IMAGINE HAVING TO WAIT A YEAR AFTER THAT.
Things look dire for the Pines family: Gideon is planning to bulldoze the shack to create a theme park dedicated to himself, and with no money or job Stan has no choice but to send the kids back to their parents. Worst of all, Gideon is on the hunt for the other Journals, convinced that bringing them all together will unlock incalculable power.
To this day I remain impressed by just how much this episode manages to pull off. Not only does it have to top “Dreamscaperers,” which added the major game-changer Bill Cipher, with a more technically mundane conflict; it has to raise the stakes of the individual episode, Gideon’s role in the season as a villain, rewrite the Journals’ place in the canon (both distancing Dipper’s reliance on them and elevating their importance to the deeper mythos), and finally play the card it slid onto the table with Stan in that very first episode.
On top of all of that, it also does some fine work in training the viewer for the next season. We’ve talked in the cipher section about how the show has features a gradation of gradually more difficult codes; here, it does something similar with plotting. The evidence for the reveal about Gideon’s hidden cameras is all planted, Sherlock Holmes style, in plain sight even if attention isn’t called to it.
When Stan explicitly spells out how he put things together at the end, it encourages the viewer to go back and pay attention to the little background facts and seemingly unexplained details. Not only is it a neat trick for younger viewers in particular in learning how to parse visual storytelling, but it also unconsciously preps the audience to look for those kinds of hidden reveals in future episodes. I give a full tip of my hat – it’s not just any show that can both hide all the clues of the central mystery in the background while also slowly training its audience to outsmart it (a technique which eventually meant having to restructure some things in the season 2 writer’s room, since the fanbase cracked one of the major mysteries during the hiatus).
Its smartest moment might be the temporary intrusion of real, adult concerns: Stan’s sorrow that he doesn’t have the means to provide for the children depending on him. It’s a quiet, heartbreaking scene, my personal favorite; and a great precursor to the second season, where the supernatural dangers were somehow less frightening than real fears of growing up and growing apart.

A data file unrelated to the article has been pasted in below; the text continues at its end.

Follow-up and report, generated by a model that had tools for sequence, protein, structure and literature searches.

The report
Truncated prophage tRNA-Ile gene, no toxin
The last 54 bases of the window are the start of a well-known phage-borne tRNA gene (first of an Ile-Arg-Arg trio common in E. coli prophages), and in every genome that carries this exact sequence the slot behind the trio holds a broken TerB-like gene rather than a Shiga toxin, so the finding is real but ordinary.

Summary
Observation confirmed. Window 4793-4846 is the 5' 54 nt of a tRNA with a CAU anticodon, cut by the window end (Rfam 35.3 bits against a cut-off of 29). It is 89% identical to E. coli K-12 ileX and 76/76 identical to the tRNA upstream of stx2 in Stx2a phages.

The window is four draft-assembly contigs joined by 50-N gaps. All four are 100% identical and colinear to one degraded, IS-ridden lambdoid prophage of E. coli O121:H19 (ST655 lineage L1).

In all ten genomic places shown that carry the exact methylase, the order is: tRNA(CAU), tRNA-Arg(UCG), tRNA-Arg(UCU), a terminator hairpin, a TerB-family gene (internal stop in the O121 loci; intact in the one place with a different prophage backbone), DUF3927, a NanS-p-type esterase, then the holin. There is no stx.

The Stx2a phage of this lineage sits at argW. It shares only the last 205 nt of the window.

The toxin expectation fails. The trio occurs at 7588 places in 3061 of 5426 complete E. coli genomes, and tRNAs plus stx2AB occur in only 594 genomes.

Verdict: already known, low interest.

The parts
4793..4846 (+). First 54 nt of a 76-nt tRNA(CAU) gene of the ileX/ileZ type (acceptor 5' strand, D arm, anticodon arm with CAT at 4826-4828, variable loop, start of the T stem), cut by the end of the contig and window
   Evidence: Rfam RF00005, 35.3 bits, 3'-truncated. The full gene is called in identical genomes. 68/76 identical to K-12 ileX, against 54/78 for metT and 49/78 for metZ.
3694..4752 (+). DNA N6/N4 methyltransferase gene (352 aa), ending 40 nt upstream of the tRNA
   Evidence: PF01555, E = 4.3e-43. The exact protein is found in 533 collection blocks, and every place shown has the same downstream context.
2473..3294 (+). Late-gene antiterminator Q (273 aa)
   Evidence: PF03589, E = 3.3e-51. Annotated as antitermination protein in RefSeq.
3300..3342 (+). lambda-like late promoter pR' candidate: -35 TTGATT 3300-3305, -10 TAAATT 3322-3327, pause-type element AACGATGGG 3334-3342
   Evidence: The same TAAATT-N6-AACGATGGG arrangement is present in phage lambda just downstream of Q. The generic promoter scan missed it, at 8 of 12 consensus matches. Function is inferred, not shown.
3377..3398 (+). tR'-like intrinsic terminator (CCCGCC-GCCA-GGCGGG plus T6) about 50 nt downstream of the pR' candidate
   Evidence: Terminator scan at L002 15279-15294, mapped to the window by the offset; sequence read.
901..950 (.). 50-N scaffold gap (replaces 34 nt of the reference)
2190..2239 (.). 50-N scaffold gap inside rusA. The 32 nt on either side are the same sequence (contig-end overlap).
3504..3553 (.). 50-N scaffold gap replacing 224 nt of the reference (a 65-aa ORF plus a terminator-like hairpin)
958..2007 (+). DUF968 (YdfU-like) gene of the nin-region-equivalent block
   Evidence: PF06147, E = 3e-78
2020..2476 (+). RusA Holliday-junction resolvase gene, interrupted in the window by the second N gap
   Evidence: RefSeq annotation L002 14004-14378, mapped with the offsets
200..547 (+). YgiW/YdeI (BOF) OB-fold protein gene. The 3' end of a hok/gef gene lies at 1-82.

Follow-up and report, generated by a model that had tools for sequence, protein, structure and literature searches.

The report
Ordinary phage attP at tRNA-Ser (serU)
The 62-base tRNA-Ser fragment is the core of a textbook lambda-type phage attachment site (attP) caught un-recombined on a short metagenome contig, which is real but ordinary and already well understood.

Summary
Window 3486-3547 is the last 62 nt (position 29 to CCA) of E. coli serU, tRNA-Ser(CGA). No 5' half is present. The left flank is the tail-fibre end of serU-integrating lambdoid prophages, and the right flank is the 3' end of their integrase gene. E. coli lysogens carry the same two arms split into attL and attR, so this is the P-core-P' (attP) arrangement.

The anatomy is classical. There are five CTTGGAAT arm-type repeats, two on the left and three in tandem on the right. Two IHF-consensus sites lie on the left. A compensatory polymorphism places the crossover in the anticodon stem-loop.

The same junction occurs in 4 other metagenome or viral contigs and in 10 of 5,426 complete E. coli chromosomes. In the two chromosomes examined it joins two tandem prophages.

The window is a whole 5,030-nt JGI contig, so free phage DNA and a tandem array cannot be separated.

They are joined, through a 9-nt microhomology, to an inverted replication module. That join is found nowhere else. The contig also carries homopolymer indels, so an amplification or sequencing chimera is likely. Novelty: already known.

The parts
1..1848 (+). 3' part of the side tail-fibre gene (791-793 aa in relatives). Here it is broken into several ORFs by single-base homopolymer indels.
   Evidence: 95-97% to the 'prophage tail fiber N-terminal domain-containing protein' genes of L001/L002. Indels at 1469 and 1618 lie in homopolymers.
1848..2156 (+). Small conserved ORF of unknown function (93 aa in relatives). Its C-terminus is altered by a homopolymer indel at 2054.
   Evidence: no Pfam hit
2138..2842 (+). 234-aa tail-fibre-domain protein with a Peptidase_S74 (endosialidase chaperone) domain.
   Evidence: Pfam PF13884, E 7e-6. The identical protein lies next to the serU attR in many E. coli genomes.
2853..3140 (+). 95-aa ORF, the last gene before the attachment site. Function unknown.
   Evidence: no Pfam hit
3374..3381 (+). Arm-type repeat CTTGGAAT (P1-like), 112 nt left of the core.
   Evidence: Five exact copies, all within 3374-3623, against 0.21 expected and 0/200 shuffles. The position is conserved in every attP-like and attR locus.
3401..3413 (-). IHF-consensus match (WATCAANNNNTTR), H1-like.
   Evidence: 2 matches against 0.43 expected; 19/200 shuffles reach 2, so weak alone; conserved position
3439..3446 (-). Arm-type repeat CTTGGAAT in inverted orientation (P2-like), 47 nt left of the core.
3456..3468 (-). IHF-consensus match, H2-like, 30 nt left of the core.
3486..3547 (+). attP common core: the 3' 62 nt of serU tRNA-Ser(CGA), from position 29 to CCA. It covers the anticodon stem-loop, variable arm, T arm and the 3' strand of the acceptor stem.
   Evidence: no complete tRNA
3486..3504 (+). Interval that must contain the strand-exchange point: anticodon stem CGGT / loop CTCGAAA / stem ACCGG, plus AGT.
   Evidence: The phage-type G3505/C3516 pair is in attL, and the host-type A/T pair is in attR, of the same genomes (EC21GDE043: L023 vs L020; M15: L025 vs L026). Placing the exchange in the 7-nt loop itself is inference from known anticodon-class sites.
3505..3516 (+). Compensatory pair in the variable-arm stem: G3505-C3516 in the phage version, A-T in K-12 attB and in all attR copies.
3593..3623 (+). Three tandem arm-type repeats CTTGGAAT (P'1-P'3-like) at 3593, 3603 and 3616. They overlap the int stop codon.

That’s not to say that the bombastic moments – Gideon’s giant mech and the gnome archers and that hilariously deadpan delivery on the Journals’ greater importance – but the grounded moments are what make it mean something. Stan turning on the portal is an amazing cliffhanger, but what really gives it power is the mundane sight of Dipper and Mabel’s picture on the control panel, and the knowledge that even after Dipper tried to open up they’re all still keeping secrets from each other.
Today in Fandom
Following that stupendous cliffhanger and ominous pronouncement, the hiatus began. Not just any hiatus, either. While it had taken the first season of Gravity Falls a year to air, it would be another year before season two would even begin. I suspect that year-long hiatus is at least part of the reason the Gravity Falls fandom turned out the way it did.
Take a show that already encourages the decoding of background details and revolves around a mystery element, add a creator who enjoyed having some fun with audience expectations, put it over a massive cliffhanger and the introduction of some huge unexplained portions of worldbuilding, then give that a year to simmer.
Not only that, but Disney’s blasé treatment of the show as far as scheduling and merchandise imbued an added sense of necessary protectiveness – Disney doesn’t appreciate this show; nobody is paying attention to it, but we understand it. It’s the sort of mentality that I imagine made Twin Peaks such a hit back in the 90s, and to this day I’m not sure if Disney had a happy accident or if their “imagineers” are a great deal more cunning and cutthroat than I’ve ever given them credit for.